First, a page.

Me and a couple other members of our school's SSDP chapter set up shop downtown in front of the Justice Complex. It was all going well, if a bit slow, and I was getting worried that we wouldn't really accomplish anything since most of the people we spoke to firmly believed in our cause so we were mostly preaching to the converted. None of the news stations we called showed up either, but if they had, they surely would have caught something. After about 3 hours of sitting at our table some cops came out and asked us what permit we had. I said we were allowed to gather peacefully and speak freely by the 1st ammendment of the constitution. They told us to leave again, and we politely declined, which is when they started to get aggitated. They started to raise their voices and I asked them if our food was threating to them. Apparently it was since they got more and more perturbed until they finally cuffed us and took us inside. We were there for about two hours while they wrote us all up. The one who spoke to me said I aught to be cautious that with the amount of controlled substance we had, (with the fact that they were baked and we were being distributing them compounding the charges) we could be looking at federal felony charges. I chuckled quietly to myself, being most polite to everyone the whole time. In the other room I heard cops making dumb jokes (they really are ignorant) and one person mutter about this getting thrown out. In any case, they let us go with an appearance ticket for Dec. 19. I'll get the school legal team to help us out, maybe SSDP or NORML will be nice enough to send a cannabis expert should this go to trial, but I really can't see how they have any rational argument at all. As we were leaving a couple cops were chuckling over the absurdity of the whole ordeal. They knew it was a waste of time too.
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Comment #4 posted by mayan on December 04, 2001 at 18:26:55 PT
Online Poll - It's Close!
It asks:How should the court rule on the ban on the sale of hemp foods?Block the ban - 50.3%Uphold the ban - 49.6%Online Poll: 
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Comment #3 posted by CorvallisEric on December 04, 2001 at 17:18:26 PT
speaking of analogies - thanks Robbie
I really like the poppy seed analogy. Chemically, biologically, and medically the analogy of poppy seeds with hemp is perfect. And you WILL fail a sensitive-enough drug test. And you might even get slightly high - and probably very sick - if you eat enough. And you might possibly extract some morphine, etc.So, what are the differences? Some suggestions:1 - Poppy seeds are part of a well-established tradition and industry whose customer base and profit are much greater than hemp's. $25 million annually (including both banned and non-banned products) is not enough to buy respect.2 - The U.S. Govt. is obsessed with one drug, marijuana, beyond all reason. Until persuaded otherwise, I don't yet buy the hemp-driven argument for current prohibition (oil and timber industry, DuPont, etc). Rather, I agree with the income-driven argument (narcs, prison guards, coerced drug treatment providers, employee-assistance providers, drug testers, helicopter mfrs, thermal-imaging mfrs, etc, etc).In other words, the legal status quo and its extension by the DEA are just simply good business in the New World Order where principles and values are just commodities for sale to the biggest conglomeration of bidders.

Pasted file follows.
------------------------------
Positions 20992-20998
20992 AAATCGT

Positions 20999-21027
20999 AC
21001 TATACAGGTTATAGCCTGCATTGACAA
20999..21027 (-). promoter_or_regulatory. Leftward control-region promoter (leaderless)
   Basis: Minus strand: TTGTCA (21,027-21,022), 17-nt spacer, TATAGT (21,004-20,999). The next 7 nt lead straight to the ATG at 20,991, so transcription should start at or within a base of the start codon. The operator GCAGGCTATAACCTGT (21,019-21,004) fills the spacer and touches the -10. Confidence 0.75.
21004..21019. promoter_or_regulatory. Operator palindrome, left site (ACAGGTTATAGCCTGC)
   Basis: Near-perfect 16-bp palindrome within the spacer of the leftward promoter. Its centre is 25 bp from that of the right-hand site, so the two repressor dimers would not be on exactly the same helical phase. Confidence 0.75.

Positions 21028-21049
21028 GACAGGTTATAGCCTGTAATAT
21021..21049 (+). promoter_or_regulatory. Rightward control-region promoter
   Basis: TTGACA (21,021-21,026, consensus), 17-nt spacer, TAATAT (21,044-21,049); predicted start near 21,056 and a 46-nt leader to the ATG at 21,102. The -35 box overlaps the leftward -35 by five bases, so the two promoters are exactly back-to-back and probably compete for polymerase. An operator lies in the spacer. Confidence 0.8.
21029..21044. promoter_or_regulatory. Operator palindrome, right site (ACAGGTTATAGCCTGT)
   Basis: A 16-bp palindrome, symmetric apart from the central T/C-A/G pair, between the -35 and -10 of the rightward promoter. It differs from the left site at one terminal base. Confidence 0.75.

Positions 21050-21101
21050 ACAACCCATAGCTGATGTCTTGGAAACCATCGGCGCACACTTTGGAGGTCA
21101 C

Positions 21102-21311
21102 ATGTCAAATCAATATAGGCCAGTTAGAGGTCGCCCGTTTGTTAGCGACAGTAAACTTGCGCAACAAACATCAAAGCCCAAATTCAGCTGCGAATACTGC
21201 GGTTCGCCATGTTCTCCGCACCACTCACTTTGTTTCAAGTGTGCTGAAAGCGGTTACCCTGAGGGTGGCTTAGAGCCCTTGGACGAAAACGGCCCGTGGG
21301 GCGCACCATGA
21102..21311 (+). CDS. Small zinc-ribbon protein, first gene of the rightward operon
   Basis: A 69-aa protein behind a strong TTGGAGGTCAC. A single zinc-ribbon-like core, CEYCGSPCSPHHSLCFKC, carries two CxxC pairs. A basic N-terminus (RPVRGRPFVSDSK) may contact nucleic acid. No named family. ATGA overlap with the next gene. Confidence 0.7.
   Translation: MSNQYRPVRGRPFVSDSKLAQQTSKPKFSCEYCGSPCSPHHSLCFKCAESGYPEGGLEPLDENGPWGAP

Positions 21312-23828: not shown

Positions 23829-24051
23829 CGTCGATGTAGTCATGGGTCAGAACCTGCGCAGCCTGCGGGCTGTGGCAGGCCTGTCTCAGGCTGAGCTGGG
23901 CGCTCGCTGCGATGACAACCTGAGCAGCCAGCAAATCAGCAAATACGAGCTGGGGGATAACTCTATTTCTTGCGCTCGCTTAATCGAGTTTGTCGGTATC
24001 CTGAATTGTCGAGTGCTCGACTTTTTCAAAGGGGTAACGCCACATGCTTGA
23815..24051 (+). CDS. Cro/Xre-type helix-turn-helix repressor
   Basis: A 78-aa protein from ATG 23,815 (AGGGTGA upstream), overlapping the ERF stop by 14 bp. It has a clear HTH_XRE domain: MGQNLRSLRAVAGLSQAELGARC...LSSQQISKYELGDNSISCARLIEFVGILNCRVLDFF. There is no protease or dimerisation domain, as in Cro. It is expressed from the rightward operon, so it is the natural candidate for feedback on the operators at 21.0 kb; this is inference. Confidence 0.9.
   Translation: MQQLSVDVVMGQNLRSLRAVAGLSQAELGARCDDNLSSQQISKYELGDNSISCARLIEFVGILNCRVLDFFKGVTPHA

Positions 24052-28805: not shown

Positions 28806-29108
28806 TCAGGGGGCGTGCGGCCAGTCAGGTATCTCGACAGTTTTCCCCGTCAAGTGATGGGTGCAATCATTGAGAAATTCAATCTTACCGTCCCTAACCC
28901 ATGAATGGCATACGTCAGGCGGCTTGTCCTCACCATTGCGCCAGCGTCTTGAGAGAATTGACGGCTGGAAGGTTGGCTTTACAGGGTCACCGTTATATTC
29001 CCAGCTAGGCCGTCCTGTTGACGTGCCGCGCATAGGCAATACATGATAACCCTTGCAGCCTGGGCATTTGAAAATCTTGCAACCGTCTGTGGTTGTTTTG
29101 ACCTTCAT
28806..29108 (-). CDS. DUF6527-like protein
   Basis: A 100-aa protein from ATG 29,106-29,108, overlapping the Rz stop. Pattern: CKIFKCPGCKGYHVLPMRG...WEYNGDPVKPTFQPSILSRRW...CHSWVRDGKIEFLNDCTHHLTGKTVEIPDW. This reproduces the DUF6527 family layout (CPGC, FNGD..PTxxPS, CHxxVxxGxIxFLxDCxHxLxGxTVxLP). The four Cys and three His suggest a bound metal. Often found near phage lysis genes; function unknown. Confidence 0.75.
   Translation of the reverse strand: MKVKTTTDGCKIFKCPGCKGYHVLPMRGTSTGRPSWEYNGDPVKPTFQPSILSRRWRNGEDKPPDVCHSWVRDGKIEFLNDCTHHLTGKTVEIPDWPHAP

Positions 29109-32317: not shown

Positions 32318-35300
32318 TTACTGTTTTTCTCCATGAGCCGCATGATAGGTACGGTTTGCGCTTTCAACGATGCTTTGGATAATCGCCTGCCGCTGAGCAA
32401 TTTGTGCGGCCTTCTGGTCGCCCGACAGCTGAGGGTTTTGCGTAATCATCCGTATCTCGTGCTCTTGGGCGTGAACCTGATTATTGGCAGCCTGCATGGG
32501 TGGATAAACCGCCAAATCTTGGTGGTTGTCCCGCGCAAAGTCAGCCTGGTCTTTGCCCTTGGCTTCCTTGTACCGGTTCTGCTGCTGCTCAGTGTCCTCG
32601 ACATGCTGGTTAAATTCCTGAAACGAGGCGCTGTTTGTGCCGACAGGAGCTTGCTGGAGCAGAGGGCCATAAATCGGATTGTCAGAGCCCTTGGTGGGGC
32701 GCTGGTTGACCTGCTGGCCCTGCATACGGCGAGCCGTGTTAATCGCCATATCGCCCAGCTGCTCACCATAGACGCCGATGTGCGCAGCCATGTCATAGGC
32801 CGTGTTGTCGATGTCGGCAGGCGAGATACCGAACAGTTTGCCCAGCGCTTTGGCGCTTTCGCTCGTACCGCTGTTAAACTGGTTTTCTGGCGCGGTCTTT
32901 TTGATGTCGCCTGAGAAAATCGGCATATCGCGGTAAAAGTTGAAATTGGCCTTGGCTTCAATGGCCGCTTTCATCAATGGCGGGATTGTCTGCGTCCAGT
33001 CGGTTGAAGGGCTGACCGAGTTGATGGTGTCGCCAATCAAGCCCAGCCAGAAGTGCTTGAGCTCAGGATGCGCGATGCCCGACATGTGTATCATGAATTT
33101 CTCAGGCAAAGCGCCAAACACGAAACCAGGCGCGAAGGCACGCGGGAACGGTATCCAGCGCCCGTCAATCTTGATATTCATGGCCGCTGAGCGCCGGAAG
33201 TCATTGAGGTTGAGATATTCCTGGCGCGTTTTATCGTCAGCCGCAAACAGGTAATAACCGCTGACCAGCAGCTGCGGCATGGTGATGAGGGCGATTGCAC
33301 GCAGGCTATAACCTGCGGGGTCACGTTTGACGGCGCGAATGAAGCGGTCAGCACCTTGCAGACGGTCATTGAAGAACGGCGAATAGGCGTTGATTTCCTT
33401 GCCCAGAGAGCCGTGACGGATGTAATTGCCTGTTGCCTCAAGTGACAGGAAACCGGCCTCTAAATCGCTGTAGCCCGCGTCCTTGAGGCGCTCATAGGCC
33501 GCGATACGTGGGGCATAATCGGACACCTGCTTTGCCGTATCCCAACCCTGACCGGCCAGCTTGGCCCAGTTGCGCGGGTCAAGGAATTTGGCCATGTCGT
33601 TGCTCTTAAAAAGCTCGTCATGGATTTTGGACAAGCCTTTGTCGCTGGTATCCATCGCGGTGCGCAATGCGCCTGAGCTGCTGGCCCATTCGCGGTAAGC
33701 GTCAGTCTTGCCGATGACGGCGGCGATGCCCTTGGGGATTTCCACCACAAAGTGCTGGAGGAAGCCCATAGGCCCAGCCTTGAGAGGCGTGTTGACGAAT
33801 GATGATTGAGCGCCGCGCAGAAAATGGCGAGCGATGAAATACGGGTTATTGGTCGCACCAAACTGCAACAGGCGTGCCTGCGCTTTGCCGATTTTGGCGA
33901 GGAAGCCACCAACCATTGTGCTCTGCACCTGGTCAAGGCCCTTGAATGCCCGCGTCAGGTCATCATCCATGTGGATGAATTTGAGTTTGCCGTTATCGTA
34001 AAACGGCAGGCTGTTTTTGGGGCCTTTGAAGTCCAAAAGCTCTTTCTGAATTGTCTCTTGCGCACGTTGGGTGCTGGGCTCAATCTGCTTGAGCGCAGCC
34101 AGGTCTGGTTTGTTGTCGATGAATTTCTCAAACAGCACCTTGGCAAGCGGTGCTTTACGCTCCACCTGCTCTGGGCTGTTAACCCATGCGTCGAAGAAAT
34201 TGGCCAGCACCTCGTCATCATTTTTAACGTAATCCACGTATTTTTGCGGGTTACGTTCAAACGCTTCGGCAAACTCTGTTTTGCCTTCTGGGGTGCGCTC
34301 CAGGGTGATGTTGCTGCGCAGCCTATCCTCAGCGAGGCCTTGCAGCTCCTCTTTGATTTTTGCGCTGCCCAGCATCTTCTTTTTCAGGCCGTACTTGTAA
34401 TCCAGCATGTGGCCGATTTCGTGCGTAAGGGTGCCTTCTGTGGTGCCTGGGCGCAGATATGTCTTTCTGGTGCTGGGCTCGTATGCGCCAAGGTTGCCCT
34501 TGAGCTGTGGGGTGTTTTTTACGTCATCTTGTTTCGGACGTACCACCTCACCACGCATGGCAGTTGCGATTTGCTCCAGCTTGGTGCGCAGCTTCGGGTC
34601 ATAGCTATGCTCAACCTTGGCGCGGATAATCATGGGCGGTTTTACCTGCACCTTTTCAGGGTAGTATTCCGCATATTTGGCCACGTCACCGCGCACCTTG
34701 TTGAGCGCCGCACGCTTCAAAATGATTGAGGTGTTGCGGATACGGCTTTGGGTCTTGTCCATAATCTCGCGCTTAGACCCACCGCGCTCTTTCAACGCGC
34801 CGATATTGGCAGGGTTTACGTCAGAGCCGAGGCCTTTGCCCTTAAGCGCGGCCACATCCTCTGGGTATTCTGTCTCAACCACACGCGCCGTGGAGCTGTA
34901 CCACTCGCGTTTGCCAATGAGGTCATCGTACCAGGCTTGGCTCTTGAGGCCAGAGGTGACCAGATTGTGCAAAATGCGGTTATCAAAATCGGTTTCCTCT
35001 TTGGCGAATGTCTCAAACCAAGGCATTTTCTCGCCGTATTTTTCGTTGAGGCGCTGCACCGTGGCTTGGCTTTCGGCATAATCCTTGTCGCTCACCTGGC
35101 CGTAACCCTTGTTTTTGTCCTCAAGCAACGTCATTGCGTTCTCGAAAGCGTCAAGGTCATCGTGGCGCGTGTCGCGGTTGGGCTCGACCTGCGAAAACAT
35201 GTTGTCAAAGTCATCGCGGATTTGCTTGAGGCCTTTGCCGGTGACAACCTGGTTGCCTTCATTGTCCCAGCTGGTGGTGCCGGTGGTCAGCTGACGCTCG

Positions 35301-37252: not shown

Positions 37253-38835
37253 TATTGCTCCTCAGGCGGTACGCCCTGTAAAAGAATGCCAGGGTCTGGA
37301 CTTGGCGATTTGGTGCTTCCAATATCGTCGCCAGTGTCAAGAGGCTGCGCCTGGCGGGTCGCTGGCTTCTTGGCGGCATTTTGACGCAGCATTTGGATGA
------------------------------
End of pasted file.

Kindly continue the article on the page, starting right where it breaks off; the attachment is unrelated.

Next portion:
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Comment #2 posted by CorvallisEric on December 04, 2001 at 16:31:29 PT
zucchini and butternut
I don't mean to come across as a crank, but I wish people would stop using analogies like "You will no sooner get marijuana from a hemp plant than you will zucchini from a butternut plant.". Someone here mentioned sweet corn vs field corn - now that's a credible analogy, common ancestry with generations of selective breeding (I'm guessing). Does it help our cause to engage in endless "yes it is" / "no it isn't" arguments with the antis? This is an honest question - I don't know the answer. Sometimes I fear that the Western world's whole political discourse has become so debased that the only thing that matters is how often and loudly one can lie.
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Comment #1 posted by Robbie on December 04, 2001 at 15:51:11 PT
Good article!
 :-) By the way:The rules amend the Controlled Substances Act of 1970 to include hemp in the most dangerous category of drugs with heroin, LSD and marijuana...said Tom HinojosaChris Conrad had a basket of opium poppy seed biscuits, to point out that poppy seeds are not illegal, yet they are still opium.Our national drink is Coca-Cola. Though not drugs, per se, the brand represents its origination as a currently illegal drug.
Chris Conrad page